The ChatGPT ban comes just days after OpenAI acknowledged privacy breaches in which private conversation histories of free users and payment data of ChatGPT Plus were exposed.
Artificial intelligence (AI) technology is rapidly becoming an integral part of our daily lives. From personal assistants to chatbots, AI technology is constantly evolving and changing the way we interact with the world around us.
One such AI chatbot that has been making waves in recent years is ChatGPT. However, Italy’s data protection agency has recently announced a temporary block on ChatGPT within the country’s borders, citing insufficient safeguards for user data and a lack of measures to prevent minors from using its generative AI service. Italy has also launched an investigation into the matter.
OpenAI, the parent company of ChatGPT, has a deadline of 20 days to comply with the order under the General Data Protection Regulation (GDPR) of Europe. Failure to do so could result in fines amounting to 4 percent of global revenue or €20 million, whichever is higher.
Italy’s complaints against ChatGPT are difficult to argue with. OpenAI recently experienced a glitch that exposed the private conversation history titles of its users. Later on, the company admitted that the breach was more significant than it had initially estimated, revealing that the payment card data of ChatGPT Plus subscribers had also been exposed.
There is also a complete lack of gatekeeping for minors, which is a significant concern. Another significant issue with ChatGPT and other AI chatbots like it is the issue of “training” the AI itself.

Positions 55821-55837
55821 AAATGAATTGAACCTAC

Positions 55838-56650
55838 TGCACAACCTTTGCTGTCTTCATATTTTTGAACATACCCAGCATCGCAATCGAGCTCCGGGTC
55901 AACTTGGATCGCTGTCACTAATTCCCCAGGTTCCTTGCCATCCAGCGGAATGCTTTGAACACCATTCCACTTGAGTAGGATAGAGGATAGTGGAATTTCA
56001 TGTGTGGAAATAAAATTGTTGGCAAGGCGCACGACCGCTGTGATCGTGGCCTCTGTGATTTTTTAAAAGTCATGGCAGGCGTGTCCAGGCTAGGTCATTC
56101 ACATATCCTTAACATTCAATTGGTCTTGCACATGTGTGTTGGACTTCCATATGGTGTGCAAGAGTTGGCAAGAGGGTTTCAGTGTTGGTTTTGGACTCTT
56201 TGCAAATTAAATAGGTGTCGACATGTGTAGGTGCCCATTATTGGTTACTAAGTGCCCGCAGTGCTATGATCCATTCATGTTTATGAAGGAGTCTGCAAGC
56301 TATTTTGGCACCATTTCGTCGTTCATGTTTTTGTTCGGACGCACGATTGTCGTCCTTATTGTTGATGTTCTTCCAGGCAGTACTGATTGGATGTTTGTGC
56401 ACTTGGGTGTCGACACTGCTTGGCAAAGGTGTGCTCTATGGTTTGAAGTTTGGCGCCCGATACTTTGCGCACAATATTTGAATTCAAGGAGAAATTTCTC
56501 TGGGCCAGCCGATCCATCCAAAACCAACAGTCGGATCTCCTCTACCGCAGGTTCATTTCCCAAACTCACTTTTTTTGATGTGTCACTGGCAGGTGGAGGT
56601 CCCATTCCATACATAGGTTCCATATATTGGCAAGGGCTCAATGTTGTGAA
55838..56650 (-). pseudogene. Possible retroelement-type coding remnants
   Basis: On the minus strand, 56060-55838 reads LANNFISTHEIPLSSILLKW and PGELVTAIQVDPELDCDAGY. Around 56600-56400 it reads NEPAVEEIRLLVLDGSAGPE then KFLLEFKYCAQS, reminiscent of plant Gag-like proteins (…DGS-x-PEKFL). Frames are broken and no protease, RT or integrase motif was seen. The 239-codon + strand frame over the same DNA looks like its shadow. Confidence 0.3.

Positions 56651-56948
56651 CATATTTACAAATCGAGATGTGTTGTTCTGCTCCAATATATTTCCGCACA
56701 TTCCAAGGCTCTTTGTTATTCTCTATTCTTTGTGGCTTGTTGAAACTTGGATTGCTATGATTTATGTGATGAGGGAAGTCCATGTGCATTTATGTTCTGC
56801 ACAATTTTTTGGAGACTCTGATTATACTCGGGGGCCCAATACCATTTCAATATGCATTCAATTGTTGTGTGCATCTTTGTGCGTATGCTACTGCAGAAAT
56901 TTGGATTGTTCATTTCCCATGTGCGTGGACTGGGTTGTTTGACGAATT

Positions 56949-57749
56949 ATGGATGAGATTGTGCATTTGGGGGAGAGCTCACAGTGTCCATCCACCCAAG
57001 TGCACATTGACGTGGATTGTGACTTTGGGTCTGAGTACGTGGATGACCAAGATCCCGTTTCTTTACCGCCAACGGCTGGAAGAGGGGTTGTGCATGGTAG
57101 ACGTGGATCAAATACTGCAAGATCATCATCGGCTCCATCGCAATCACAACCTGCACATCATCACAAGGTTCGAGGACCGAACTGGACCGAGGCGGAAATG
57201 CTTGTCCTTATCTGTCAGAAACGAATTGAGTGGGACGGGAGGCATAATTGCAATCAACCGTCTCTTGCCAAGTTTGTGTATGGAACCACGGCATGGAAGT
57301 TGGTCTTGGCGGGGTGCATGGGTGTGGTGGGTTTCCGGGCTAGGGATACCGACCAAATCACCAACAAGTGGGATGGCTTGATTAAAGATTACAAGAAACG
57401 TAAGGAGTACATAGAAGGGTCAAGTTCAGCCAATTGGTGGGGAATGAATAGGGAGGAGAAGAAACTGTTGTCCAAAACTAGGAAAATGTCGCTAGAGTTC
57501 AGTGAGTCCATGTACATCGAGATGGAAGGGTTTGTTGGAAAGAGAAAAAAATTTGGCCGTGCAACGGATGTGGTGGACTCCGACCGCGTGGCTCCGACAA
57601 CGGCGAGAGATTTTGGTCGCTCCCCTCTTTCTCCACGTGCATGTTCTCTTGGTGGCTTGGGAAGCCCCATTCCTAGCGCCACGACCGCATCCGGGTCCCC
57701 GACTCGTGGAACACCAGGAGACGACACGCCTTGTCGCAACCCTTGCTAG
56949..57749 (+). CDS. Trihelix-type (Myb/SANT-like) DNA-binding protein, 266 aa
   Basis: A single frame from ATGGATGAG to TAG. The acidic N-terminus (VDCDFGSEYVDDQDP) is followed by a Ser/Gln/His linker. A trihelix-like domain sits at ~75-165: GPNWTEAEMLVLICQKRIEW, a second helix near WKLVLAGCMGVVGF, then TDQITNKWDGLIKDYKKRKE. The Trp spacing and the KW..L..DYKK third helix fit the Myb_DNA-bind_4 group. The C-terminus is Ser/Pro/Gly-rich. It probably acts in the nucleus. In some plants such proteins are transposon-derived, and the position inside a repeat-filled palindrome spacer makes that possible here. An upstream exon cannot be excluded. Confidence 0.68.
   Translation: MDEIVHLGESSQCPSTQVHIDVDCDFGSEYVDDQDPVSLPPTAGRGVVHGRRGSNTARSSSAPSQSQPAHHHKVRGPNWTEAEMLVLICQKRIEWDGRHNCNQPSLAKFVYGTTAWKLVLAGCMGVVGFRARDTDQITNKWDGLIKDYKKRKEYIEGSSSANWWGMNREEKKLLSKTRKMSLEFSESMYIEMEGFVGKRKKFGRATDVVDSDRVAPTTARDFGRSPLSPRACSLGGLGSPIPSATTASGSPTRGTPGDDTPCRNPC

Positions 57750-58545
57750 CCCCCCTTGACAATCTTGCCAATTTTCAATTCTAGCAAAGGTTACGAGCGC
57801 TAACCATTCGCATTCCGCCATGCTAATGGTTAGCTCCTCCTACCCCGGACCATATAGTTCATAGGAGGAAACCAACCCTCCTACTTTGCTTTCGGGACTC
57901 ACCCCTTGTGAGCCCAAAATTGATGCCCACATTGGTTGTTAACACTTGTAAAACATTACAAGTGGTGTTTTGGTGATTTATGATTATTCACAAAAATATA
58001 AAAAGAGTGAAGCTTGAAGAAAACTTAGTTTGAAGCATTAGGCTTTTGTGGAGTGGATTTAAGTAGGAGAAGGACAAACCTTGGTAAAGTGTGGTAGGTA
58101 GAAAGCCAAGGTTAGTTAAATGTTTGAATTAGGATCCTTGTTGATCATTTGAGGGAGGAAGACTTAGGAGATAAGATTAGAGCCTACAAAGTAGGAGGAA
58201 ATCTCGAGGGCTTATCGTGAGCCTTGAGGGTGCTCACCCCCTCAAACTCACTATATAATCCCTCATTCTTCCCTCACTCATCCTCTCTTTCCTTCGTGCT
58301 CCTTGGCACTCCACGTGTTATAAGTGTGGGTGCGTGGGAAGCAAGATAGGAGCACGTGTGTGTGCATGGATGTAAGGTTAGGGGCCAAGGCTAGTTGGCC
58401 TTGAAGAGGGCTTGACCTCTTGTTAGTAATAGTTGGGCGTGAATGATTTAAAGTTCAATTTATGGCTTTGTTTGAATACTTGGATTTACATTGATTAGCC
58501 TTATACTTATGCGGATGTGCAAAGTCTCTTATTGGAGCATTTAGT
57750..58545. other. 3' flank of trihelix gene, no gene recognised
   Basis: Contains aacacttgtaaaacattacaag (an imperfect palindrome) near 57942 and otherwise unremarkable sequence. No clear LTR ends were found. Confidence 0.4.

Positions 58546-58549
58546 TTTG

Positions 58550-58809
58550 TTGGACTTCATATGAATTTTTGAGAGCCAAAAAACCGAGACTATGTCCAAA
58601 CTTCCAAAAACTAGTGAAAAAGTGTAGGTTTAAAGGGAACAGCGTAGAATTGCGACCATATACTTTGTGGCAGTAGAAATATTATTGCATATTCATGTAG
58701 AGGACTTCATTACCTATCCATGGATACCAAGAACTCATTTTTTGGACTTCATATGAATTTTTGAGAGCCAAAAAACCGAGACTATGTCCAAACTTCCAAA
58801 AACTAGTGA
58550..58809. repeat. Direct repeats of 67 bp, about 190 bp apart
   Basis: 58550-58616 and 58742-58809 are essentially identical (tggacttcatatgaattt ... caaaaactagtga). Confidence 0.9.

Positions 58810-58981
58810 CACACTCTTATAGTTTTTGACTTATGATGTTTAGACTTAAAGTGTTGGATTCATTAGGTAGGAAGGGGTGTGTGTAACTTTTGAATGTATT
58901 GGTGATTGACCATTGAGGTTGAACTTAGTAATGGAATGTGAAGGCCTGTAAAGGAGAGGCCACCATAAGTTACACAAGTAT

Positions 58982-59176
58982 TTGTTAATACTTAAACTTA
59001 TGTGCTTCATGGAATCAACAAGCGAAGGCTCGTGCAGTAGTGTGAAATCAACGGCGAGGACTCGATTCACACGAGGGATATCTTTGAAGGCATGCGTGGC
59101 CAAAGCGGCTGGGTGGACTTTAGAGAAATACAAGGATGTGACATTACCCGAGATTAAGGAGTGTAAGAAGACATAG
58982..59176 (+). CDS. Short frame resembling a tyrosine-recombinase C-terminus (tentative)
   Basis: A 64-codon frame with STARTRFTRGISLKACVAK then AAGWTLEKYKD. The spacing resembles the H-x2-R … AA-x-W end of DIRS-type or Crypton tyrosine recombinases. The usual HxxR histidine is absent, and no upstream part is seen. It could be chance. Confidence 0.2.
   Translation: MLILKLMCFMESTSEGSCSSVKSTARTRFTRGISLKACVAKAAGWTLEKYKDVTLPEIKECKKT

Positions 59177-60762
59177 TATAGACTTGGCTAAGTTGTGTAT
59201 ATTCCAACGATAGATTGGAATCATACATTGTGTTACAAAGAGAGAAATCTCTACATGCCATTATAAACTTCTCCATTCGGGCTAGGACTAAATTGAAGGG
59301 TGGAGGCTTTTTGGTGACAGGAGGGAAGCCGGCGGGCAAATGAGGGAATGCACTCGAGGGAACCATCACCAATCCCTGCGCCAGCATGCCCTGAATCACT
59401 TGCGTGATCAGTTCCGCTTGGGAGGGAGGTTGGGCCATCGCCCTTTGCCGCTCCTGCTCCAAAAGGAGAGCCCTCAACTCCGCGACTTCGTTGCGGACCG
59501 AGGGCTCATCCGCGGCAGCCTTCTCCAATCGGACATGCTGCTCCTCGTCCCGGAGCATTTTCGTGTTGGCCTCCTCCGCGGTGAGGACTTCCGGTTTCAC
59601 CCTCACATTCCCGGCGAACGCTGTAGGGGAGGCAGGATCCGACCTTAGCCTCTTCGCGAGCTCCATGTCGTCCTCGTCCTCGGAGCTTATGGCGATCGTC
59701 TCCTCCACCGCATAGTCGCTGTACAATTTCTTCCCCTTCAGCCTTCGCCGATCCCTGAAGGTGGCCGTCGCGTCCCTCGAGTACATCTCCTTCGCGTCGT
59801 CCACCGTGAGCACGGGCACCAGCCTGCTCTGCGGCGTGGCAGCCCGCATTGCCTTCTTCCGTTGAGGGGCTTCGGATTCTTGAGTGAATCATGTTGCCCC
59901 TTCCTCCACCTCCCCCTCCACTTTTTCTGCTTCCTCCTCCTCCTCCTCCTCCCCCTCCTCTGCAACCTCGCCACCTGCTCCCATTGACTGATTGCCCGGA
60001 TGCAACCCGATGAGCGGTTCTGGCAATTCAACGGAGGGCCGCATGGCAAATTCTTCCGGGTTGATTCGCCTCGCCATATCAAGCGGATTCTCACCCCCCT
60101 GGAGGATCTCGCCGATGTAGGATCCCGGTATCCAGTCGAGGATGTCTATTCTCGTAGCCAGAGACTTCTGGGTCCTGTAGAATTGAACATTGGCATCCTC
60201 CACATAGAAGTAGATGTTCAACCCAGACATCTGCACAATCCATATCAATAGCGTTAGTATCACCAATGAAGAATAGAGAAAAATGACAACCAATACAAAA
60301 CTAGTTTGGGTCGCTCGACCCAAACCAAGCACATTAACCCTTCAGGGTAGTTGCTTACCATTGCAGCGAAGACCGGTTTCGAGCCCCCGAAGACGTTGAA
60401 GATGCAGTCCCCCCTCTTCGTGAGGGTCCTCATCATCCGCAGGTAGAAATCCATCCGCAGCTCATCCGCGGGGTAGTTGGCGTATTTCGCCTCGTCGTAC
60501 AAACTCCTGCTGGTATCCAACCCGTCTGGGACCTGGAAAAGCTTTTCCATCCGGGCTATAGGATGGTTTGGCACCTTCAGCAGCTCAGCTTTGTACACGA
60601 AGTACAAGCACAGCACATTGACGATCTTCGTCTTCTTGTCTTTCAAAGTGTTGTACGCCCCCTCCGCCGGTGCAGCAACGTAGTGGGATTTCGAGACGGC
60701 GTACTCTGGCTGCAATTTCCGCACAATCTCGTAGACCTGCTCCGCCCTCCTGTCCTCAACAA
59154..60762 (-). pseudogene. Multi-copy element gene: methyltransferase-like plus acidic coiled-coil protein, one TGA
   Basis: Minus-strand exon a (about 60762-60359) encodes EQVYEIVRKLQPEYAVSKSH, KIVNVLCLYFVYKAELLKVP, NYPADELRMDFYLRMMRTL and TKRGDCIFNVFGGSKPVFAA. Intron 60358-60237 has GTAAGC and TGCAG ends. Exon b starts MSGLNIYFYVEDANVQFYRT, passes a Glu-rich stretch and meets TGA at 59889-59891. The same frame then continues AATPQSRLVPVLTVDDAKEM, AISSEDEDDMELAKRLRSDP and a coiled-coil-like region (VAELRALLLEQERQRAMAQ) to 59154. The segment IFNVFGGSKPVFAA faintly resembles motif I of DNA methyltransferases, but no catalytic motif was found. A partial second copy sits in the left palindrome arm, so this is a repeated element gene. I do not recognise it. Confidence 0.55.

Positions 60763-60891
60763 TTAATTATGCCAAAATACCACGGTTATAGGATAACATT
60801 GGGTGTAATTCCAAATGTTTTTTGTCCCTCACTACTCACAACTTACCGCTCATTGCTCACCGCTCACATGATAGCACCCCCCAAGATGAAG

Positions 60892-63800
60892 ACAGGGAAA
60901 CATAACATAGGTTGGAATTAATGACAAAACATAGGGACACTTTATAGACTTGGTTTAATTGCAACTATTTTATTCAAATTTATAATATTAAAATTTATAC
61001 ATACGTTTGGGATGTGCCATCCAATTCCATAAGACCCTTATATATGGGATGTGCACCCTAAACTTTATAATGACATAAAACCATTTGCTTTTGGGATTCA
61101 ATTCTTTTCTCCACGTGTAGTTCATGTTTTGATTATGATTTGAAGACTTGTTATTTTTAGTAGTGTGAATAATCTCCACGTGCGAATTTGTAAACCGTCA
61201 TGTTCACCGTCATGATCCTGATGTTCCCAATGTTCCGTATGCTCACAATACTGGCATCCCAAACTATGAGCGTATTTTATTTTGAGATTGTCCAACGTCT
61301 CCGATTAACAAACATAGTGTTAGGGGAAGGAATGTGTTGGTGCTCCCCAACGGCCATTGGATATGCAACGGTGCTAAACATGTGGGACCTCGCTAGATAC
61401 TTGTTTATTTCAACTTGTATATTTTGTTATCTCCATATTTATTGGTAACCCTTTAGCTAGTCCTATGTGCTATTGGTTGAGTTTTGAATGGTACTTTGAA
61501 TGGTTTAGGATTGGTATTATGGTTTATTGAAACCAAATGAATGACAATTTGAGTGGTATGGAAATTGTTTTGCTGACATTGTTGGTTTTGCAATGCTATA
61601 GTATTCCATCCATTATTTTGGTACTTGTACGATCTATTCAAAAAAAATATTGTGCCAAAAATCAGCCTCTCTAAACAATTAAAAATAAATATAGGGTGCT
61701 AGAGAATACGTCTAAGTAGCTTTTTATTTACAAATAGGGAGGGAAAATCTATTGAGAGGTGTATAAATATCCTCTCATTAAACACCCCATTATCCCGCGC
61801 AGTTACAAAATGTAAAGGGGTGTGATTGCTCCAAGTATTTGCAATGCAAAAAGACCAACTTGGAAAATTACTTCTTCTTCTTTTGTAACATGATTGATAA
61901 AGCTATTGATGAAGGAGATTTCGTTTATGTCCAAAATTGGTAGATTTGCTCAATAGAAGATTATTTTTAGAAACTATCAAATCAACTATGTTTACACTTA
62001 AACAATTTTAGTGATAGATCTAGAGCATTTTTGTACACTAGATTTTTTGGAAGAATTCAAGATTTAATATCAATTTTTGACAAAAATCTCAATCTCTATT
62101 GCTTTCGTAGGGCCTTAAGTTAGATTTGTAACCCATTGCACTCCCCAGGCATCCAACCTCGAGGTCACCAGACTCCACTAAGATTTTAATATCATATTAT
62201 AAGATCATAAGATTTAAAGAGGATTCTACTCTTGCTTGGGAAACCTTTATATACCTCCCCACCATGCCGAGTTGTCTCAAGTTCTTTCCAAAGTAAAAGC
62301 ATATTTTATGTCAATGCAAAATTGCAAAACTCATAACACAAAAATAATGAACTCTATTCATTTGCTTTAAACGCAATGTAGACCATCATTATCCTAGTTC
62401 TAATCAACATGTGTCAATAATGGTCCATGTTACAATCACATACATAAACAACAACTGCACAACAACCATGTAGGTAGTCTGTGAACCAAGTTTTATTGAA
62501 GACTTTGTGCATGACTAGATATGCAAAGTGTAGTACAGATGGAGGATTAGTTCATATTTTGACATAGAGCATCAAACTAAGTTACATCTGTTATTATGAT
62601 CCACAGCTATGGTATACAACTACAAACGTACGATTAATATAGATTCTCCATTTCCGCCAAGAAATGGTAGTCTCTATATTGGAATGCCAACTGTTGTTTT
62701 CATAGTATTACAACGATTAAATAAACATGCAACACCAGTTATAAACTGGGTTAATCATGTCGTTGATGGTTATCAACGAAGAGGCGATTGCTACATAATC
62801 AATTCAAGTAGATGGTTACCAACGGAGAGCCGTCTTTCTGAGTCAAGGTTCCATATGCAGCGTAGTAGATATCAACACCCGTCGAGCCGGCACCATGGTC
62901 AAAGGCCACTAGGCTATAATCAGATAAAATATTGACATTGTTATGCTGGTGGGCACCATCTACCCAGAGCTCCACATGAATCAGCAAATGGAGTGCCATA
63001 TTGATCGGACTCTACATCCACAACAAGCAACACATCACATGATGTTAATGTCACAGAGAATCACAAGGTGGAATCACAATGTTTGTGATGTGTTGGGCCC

ChatGPT and other AI chatbots learn to mimic human behaviour by analyzing online content without the permission of the people who wrote it. ChatGPT can provide personal information about individuals but often makes mistakes, and those individuals have no way to correct these inaccuracies.
The ban on ChatGPT in Italy highlights the growing concerns about data privacy and the role of AI in our lives. Policymakers across the world are grappling with how to respond to the rise of AI products and the enormous amounts of data they consume from tens of millions of users worldwide. The move by Italy’s data protection agency could be the first of many regulatory actions against popular chatbots and AI services.
OpenAI has stated that it is committed to protecting people’s privacy and believes it complies with GDPR and other privacy laws. However, the temporary block on ChatGPT in Italy highlights the need for stronger data protection measures and the importance of ensuring that AI services are held accountable for their actions.
As the use of AI technology continues to grow, it is crucial that we continue to monitor and regulate these services to ensure that they are used ethically and responsibly.